On the anniversary of her death, we salute the legacy of the committed assisted dying campaigner Debbie Purdy

Debbie Purdy led an enviable life before multiple sclerosis changed it forever. As a music journalist Debbie not only had access to music gigs for free, but the venues wouldn’t allow her to pay for drinks. It was on one such occasion in Singapore that she met her husband-to-be, the renowned Cuban jazz musician Omar Puente, who went on to support Debbie tirelessly as she faced the challenging symptoms of her illness with considerable grit.

On the anniversary of her death, we remember Debbie’s powerful legacy in forcing the government, through her legal case in 2009, to issue guidance on the prosecution criteria for those who assist someone to die. She wanted to be sure Omar would not be prosecuted if he accompanied her to an assisted death in Switzerland.

The then Director of Public Prosecutions, Keir Starmer, issued the Crown Prosecution Service guidance to apply in deciding whether a prosecution is in the public interest, even if there is sufficient evidence to prosecute. There are sixteen factors tending in favour of prosecution and six against. You can see the details here:

It is worth remembering the title of Debby’s heart-warming memoir, It’s not because I want to die. In choosing that phrase, she echoed what we know to be true: that those with incurable conditions or who are terminally ill simply want the ability to choose when and where their lives end, if they consider that their suffering has become intolerable. But for their suffering, they would want to live on. Our own late patron Paul Lamb, paralysed in a car accident, expressed a similar view in his campaigning.

Experience since the CPS issued its policy on prosecution, following Debby’s legal case, shows that it is not being applied in a consistent manner. Only this year, My Death, My Decision member Sue Lawford was arrested on her return to the UK, after she accompanied Sharon Johnston, a tetraplegic, to Dignitas.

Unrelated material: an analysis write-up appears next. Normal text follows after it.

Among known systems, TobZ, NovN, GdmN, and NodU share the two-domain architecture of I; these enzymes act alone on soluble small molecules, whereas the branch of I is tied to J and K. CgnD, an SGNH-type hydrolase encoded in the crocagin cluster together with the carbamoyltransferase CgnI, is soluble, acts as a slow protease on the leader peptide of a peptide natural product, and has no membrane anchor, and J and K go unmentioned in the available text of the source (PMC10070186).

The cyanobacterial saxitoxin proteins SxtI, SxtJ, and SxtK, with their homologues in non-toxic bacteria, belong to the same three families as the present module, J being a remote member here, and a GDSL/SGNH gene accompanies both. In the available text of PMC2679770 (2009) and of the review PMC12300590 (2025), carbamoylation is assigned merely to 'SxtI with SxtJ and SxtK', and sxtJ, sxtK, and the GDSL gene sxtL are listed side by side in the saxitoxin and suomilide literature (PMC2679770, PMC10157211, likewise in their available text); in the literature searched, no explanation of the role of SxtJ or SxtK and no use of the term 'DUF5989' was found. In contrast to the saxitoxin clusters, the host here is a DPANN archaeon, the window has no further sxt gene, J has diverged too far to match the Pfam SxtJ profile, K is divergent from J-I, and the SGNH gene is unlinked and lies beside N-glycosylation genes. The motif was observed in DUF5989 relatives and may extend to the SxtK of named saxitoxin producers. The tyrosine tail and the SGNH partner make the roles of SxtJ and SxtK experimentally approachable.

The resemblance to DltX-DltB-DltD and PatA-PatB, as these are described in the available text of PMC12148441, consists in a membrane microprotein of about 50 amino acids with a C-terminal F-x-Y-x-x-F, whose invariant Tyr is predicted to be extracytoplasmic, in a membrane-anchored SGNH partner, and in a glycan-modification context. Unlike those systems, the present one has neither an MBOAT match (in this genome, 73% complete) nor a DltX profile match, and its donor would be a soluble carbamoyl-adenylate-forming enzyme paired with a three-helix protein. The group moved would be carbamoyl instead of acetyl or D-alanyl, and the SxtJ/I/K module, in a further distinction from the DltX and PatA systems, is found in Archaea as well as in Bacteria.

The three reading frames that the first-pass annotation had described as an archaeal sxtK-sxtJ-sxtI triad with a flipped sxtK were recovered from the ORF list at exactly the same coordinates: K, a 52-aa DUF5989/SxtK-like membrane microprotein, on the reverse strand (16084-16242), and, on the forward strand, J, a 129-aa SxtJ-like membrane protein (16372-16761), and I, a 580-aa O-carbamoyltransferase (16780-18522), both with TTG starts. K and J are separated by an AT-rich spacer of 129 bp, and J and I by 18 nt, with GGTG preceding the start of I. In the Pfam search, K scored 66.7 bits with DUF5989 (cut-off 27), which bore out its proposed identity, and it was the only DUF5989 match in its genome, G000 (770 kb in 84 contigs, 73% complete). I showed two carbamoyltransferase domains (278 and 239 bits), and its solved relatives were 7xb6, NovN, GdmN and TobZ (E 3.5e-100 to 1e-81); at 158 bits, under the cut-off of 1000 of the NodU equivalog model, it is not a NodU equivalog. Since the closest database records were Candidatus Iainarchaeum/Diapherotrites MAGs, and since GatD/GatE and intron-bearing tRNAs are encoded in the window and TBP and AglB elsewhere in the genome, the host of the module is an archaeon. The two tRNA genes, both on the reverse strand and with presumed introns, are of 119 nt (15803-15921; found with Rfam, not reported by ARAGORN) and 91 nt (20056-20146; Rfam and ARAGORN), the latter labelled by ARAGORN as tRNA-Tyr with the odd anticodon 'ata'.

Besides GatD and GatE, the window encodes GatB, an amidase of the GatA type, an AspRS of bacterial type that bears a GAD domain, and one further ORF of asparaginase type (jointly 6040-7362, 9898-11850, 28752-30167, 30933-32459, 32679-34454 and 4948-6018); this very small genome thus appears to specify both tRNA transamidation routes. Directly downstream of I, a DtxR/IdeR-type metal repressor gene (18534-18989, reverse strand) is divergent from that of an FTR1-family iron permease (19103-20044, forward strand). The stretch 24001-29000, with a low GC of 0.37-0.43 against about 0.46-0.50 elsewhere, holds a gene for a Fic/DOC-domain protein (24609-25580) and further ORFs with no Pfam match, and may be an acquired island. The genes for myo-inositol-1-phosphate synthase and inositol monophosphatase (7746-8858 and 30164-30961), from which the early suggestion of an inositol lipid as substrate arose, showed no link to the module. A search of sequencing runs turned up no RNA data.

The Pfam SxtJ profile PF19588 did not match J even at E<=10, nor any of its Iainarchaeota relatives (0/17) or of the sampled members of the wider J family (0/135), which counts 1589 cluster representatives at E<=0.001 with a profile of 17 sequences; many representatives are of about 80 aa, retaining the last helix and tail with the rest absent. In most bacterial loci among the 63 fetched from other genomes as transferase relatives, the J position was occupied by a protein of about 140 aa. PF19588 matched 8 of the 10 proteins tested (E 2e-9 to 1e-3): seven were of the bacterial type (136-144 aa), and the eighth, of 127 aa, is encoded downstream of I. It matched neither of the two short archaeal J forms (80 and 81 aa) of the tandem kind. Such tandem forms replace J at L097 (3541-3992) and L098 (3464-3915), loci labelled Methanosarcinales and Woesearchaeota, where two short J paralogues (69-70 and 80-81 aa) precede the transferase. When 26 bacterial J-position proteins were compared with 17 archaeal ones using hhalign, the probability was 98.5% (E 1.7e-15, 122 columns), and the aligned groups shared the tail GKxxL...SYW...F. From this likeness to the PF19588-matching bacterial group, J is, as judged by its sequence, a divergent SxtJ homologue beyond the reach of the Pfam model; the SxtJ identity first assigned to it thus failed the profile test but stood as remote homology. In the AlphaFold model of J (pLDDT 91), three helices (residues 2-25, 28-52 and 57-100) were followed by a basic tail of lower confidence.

1. REPLY
    Dena says

    No one should be prosecuted for helping a loved one to end their lives, it is the greatest gift of love one can give.

    • REPLY
      Bonita Hill says

      So so true, Dena – the greatest gift

  2. REPLY
    irene lawrence says

    Aiding a suicide for someone with no hope of recovery and having to live in unmentionable pain should not be illegal … provided all the necessary steps have been taken with medical approval ….. I would not like to watch anyone going through what my mother-in-law suffered …. begging for relief …

    • REPLY
      Bonita Hill says

      Irene. You would not let an animal suffer so why let a human being.

  3. REPLY
    M. Coombes says

    I broadly agree with the above two comments qualifying the former with ‘subject to strict and reviewed in the light of ongoing research & eligibility criteria.
    The latter comment helps me clarify that the context of care should be one that is fully funded and available excellent NHS care to all of us during our treatment

  4. REPLY
    Arnold Pitcher says

    I agree with Dena and Irene Laurences comments

  5. REPLY
    Arnold Pitcher says

    Siffering should not be prolonged when doctors decide that illness is terminal.

  6. REPLY
    Dan Keohane says

    I agree with the comments of Dena and Irene.

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